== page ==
Potty training doesn’t have to be a frustrating process for you or your child. With some patience, a sense of humor, and the goal of independence in mind your child will soon be able to master this important lesson in childhood.
Veggie sloppy Joes are like childhood on a plate. Growing up in the ’70s, you just couldn’t escape this meaty dish. Since it’s such a comfort food, Ceri and I decided to go retro and bring back the sloppy. We’ve updated it, of course, for a more health-conscious family, substituting all that ground beef with a flavor-rich black bean sauce. This recipe was excerpted from the great new cookbook entitled How to Feed a Family: The Sweet Potatoes Chronicles Cookbook, by Ceri Marsh and Laura Keogh. As two urban, working moms, Ceri and Laura learned quickly how challenging healthy meal-times can be. So they joined forces to create the Sweet Potato Chronicles a website written for, and by, non-judgmental moms, packed full of nutritious recipes for families.
The process of diagnosing Autism in a child can be a little bit difficult for parents at home since it involves a series of observations on a child’s behaviour. Specialists in this field agree that it is best to identify and treat this disorder in children at an early age. Parents are usually concerned about the warning signs to look out for in their babies for them to be concerned. There are particular signs that children who end up with this disorder start exhibiting at a tender age. There are standard Autism Spectrum Disorder (ASD) indicators which are very common to autistic children.
Many readers know that my son went through colic. But I’ve never really admitted the full extent of the turmoil that swept our house for 18 months. So in the spirit of our new blog, I will dish it. I was kicked out of mommy and me pilates. (Twice). And then excused from a breastfeeding group with nurses due to the excessive noise. People would come up to me on the street with advice (constructive criticism..). “I think he’s hungry! Wet! Tired! Overstimulated!”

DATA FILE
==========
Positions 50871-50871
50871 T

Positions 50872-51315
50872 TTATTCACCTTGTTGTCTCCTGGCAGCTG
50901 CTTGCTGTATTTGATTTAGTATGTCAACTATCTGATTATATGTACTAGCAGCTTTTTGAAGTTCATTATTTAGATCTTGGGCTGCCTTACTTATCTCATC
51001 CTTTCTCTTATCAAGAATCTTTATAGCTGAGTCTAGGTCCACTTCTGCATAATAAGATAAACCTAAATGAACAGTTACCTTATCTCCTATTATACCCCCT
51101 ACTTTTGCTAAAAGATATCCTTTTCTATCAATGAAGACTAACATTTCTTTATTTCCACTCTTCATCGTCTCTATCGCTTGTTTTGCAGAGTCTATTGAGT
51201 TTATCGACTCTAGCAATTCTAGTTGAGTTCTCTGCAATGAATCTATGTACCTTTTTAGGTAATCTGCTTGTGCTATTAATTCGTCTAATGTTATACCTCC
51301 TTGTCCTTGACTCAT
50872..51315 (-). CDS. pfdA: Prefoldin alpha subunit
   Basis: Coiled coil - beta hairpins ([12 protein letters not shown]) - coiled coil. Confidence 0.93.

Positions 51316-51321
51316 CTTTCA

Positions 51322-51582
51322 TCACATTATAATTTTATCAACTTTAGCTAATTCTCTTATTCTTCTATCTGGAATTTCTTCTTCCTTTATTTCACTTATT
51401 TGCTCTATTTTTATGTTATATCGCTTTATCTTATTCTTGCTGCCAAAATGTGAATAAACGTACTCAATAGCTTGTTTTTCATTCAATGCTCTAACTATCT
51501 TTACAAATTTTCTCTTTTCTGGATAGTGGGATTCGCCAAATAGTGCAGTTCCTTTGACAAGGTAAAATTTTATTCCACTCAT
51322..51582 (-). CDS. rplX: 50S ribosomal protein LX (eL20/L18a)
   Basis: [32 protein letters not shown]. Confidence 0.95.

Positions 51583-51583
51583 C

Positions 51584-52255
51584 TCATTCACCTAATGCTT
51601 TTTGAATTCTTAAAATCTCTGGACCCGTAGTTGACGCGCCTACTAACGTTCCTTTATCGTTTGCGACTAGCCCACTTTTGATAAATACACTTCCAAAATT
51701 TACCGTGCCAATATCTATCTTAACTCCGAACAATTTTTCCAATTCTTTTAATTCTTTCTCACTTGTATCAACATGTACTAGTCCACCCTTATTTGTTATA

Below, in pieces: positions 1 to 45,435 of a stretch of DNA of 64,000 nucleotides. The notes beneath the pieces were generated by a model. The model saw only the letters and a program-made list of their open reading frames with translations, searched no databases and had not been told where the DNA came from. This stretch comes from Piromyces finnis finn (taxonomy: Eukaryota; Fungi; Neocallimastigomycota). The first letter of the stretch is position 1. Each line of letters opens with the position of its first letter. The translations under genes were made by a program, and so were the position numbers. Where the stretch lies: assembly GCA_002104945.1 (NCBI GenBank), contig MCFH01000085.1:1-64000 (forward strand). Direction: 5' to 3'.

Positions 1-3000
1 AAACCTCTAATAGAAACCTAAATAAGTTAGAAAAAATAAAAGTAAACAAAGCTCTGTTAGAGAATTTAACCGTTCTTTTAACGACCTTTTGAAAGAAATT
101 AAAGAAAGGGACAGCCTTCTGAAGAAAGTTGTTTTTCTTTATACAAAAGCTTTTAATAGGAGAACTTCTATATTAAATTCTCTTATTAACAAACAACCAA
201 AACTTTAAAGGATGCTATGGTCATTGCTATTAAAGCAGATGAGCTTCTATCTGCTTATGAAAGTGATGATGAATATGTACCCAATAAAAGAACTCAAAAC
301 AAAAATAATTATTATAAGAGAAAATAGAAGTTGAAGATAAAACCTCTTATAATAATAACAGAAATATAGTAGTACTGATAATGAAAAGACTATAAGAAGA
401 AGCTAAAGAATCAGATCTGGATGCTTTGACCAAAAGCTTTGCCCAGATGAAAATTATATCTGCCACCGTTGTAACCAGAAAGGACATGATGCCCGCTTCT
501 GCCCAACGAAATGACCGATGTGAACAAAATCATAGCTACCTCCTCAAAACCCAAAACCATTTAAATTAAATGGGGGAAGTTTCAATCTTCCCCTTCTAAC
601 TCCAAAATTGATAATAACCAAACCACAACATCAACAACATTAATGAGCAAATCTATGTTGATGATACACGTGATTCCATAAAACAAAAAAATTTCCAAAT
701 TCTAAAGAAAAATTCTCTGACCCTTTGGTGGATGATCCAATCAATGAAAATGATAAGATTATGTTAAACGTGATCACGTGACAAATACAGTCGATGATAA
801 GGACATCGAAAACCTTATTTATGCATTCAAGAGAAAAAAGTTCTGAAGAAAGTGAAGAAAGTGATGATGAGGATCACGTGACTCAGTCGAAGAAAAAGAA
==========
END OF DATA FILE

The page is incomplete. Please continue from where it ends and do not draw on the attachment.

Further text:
What kind of mother would take a child that screams for an hour into a grocery store? The kind that needs groceries and has no other option, thank you. If you would care to watch him at home while I shop I would be grateful. But he will cry – no matter how many needs you satisfy. And he won’t get tired BY THE WAY – not even after 4 hours straight. It went on and on, and experts weighed in as close friends worried my husband and I would drive off a dock hurdling the whole family into the ocean in our LandRover.
Along with the other suggested colic remedies, we were introduced to Boiron camilia. I had used their arnica montana as a homeopathic remedy after giving birth and we decided to try the camilia. Typically recommended for teething, this natural herb is free of acetominiphen and anisthetics and is fully safe for babies. More important, it had a calming effect on our little (screamer) monkey. You twist the tip off the plastic tube of the convenient individual dose and can even slip the liquid into baby’s mouth while nursing (or better yet, have them pretend it’s a nipple and suck it out). We would have ‘picnics’ and I would have chamomile tea when he had his ‘medicine’.
Now that my two boys are bigger, though not quieter (now they never stop talking), they catch colds at school and get boo boos as they tumble. Insect bites while tree climbing are common. Boiron has (thankfully) expanded their lineup so I can keep curing the boys with natural medicines.
DAPIS gel is an ointment to relieve hives, itching and promote the healing of insect bites. Now they tell me. (I didn’t have to buy all of that mosquito netting after all.) The flip cap ensures a tidy application and the 40g tube is easy to slip into a purse or diaper bag.